In these instances it is often the result of long hours of sitting, where the abdominals become weak, the front of the hips (hip flexors) get super tight, and we develop poor postures.
Often jobs requiring prolonged sitting such as truck drivers and office workers develop these postures, and while often not physically demanding, can develop lower back pain at some point. Thats not to say that non-office workers can't develop these postures, and an anterior pelvic tilt, because they can as well. Dancers commonly walk around in a anterior pelvic tilt.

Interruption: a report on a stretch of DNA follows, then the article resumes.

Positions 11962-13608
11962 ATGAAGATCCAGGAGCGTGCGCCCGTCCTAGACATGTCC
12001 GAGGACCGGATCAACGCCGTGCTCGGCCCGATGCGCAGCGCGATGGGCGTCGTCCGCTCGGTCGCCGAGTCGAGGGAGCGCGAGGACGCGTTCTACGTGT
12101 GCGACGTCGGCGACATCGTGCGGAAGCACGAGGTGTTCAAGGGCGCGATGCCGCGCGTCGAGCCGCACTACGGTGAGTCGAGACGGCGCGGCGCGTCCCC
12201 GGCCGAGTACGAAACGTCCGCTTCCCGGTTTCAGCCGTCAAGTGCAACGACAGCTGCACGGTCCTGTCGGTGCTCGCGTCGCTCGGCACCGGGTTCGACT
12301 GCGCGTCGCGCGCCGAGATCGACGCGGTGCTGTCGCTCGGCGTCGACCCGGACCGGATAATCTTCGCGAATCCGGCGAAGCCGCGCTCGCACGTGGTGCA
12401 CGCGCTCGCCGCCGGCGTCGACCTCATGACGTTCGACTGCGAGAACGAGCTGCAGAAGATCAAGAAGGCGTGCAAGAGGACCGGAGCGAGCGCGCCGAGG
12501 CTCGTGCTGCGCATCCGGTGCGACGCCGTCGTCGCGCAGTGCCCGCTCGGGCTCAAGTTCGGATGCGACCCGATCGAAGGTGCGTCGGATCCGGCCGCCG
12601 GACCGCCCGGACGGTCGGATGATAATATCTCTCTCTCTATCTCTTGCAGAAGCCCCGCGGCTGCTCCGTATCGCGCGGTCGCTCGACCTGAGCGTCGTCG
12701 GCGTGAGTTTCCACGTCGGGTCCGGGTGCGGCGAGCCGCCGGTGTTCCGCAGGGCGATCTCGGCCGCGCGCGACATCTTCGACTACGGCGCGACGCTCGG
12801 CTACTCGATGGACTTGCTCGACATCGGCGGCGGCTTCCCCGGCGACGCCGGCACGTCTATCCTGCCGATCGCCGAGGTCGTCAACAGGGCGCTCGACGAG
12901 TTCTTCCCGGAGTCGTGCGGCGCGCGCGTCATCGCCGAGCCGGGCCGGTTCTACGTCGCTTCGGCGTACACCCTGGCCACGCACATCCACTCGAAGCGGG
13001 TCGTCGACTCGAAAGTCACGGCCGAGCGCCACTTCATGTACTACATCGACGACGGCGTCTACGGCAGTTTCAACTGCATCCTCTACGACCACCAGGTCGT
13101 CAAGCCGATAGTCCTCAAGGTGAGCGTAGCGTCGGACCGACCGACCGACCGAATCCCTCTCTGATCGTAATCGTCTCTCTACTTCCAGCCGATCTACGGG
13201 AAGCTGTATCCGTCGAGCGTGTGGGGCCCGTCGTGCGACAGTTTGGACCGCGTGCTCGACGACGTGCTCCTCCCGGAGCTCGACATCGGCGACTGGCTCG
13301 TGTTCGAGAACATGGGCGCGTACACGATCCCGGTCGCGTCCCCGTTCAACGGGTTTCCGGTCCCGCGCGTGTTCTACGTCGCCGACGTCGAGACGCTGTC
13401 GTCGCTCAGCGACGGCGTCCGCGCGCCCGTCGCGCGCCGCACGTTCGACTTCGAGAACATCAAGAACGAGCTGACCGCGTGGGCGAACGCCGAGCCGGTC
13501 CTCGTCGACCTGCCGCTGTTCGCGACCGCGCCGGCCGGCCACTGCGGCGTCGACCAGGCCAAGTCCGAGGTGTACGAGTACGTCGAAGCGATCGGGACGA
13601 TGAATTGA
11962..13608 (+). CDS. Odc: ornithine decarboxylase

The anterior pelvic tilt, can relate to a term called ‘the lower cross syndrome’. This is where one side of the line, such as the hip flexors and lower back, become tight and stiff respectively, whilst the abdominals and bottom muscles become weak and tend to stay dormant, until woken up and activated correctly.
AHR's Megan pulled out the whiteboard and some markers, and with her rusty drawing skills, demonstrates below the two pelvic tilts.